S-Corps versus LLCs
The S-Corp is the most common form of business entity used in small business. Most entrepreneurs consult with their CPA about tax issues and an S-Corp is recommended. However, entrepreneurs can form a LLC and file IRS Form 2553 for a S-Election and their LLC will be taxed as an S Corporation. So why is an LLC better? Asset Protection. An ownership interest in an LLC has considerably greater creditor-protection than shares in an S corporation, which can be easily seized by a stockholder’s personal creditors. A member’s interest in an LLC is creditor protected in the same way a partner’s interest in a limited partnership is protected. A member’s personal creditor is limited only to a charging order against the LLC interest. This gives the creditor only the right to receive distributed profits due the debtor partners. As you will read under Income Distributions, LLCs have the ability to distribute the income as the members agree. This is one reason it is incredibly important to have a robust Operating Agreement in place before a creditor sues your LLC.
S Corporations were based off of the C Corporation, therefore, the S Corporation involves structure, formalities and compliance obligations. These obligations can be too burdensome for the solo entrepreneur, in other words, a “payroll of one.” If you incorporate as an S Corporation, you need to set up a board of directors, file annual reports and other business filings, hold shareholder’s meetings, keep records of your meeting minutes, and generally operate at a higher level of regulatory compliance than your business might need or want to deal with. With the LLC, this isn’t the case. LLCs just use an informal operating agreement. Why does this matter? Most small business owners start up a S Corp and then fail to comply with the corporate formalities. If they get sued the corporate veil can be pierced and their personal assets can be at risk. To help our clients deal with this issue we off the Corporate Shield™ Service.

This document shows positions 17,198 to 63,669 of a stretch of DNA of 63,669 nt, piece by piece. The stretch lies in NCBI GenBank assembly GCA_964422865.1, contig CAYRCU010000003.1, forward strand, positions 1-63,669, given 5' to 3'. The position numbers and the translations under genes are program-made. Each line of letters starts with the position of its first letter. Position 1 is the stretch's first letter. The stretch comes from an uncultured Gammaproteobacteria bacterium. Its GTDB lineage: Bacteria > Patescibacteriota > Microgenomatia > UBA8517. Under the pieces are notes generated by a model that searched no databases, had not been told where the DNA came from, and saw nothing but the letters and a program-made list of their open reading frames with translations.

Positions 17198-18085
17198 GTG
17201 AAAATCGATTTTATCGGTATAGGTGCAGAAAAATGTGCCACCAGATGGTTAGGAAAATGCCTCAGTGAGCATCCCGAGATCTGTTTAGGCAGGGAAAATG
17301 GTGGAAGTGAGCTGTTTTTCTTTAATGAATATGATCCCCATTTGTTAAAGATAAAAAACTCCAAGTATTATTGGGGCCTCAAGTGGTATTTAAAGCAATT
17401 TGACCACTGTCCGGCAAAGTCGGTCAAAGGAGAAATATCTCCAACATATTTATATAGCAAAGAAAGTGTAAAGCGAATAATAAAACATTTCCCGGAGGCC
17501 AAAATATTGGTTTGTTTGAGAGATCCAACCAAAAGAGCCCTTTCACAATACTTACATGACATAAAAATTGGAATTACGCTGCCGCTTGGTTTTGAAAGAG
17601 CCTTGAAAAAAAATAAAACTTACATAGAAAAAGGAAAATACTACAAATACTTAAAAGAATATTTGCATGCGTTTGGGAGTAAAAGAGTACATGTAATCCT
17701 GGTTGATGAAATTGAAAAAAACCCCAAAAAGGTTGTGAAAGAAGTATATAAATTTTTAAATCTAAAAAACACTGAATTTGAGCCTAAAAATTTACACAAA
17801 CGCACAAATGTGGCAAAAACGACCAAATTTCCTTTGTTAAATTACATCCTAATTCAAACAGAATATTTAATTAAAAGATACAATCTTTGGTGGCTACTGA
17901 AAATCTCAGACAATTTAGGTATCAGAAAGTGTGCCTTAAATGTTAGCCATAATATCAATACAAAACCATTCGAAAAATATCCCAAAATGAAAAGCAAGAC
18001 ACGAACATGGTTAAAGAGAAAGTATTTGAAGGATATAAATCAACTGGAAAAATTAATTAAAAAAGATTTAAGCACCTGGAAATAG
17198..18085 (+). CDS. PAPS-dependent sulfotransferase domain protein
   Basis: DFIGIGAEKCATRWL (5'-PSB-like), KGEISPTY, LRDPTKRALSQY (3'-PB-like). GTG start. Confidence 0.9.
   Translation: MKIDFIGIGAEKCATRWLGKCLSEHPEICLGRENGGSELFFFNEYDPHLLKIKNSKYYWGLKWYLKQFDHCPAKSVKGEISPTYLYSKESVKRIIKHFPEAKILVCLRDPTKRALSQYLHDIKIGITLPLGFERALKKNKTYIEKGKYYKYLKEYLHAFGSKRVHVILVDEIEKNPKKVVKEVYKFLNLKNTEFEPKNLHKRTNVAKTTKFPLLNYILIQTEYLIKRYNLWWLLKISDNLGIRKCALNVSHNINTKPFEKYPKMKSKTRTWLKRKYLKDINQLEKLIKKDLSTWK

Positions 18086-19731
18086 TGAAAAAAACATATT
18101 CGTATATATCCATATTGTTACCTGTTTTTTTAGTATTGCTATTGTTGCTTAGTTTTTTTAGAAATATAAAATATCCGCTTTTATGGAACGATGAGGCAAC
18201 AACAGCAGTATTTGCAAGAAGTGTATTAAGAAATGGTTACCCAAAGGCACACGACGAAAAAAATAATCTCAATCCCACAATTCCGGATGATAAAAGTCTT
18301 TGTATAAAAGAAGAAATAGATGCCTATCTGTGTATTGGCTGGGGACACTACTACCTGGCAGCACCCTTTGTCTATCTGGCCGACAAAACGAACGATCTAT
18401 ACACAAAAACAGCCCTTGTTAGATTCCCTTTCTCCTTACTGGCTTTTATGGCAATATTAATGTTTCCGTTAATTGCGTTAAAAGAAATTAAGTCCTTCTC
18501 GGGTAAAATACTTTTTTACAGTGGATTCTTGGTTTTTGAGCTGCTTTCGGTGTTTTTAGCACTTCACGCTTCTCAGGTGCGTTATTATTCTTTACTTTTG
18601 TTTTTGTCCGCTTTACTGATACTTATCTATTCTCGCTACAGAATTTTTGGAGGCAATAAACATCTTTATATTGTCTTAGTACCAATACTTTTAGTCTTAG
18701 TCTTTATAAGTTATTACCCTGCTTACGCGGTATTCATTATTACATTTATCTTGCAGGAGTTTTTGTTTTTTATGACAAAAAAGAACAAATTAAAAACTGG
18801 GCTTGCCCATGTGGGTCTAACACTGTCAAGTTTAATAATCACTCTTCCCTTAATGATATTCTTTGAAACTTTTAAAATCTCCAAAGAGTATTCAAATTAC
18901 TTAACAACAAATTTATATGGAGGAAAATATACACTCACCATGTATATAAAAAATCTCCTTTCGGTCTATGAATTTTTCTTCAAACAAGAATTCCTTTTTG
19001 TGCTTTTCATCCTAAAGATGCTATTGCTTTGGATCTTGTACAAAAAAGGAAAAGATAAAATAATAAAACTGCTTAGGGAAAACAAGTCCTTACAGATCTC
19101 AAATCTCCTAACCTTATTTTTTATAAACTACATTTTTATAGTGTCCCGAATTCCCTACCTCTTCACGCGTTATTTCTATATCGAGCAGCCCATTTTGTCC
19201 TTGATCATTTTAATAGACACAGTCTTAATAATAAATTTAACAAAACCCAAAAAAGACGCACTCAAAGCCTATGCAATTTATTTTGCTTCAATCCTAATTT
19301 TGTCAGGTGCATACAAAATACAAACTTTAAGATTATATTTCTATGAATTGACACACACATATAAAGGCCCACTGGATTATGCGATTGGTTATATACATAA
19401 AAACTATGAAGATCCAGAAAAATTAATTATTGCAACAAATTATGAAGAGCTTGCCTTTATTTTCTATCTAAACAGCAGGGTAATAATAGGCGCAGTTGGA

The Takeaway: If you want less red tape and formality, the LLC can provide greater simplicity.
In an LLC, income and loss can be allocated disproportionately among the owners. By contrast, in the S Corp, income and loss are assigned to each shareholder strictly based on their pro-rata shares of ownership. This is an important distinction to understand. For example, let’s say two friends, Stefan & Brandon, open a law firm, each owning 50%. As the year progresses, Stefan needs to focus his time elsewhere, while Brandon does all the work. Their business becomes more profitable than they ever imagined, and they want to divide up the profits. Because Brandon has put in the bulk of the work, the two decide he should keep 75% of the profits, and Stefan should get 25%.
With an LLC, this type of agreement is fine. The two owners simply agree to the arrangement and they will be taxed accordingly to their “operating agreement.” But this type of flexible arrangement won’t work with an S Corporation. Because Stefan and Brandon are each 50% owners, each will be allocated 50% of the corporation’s income, at least when it comes to computing income tax.
The Takeaway: If you need flexibility when it comes to splitting up profits among owners, the LLC is the preferred structure.
S Corporations can be taxed as a S Corporation.
LLCs can be taxed in the following ways: C-Corp, S-Corp, Sole Proprietor, Disregarded Entity, or Partnership.
The Takeaway: If you need flexibility when it comes to tax elections, the LLC is the preferred structure.
S-Corp to LLC Conversions
Arkansas Law provides an organization other than a limited liability company may convert to a limited liability company if the provisions of the Arkansas Small Business Entity Tax Pass Through Act are complied with. Many people will tell you that converting your S-Corp to an LLC is a taxable transaction. It can be a taxable transaction, however, it can also fall under § 368(a)(1)(F) of the Internal Revenue Code. The business will be taxed the same, but it will have less corporate formalities and greater asset protection.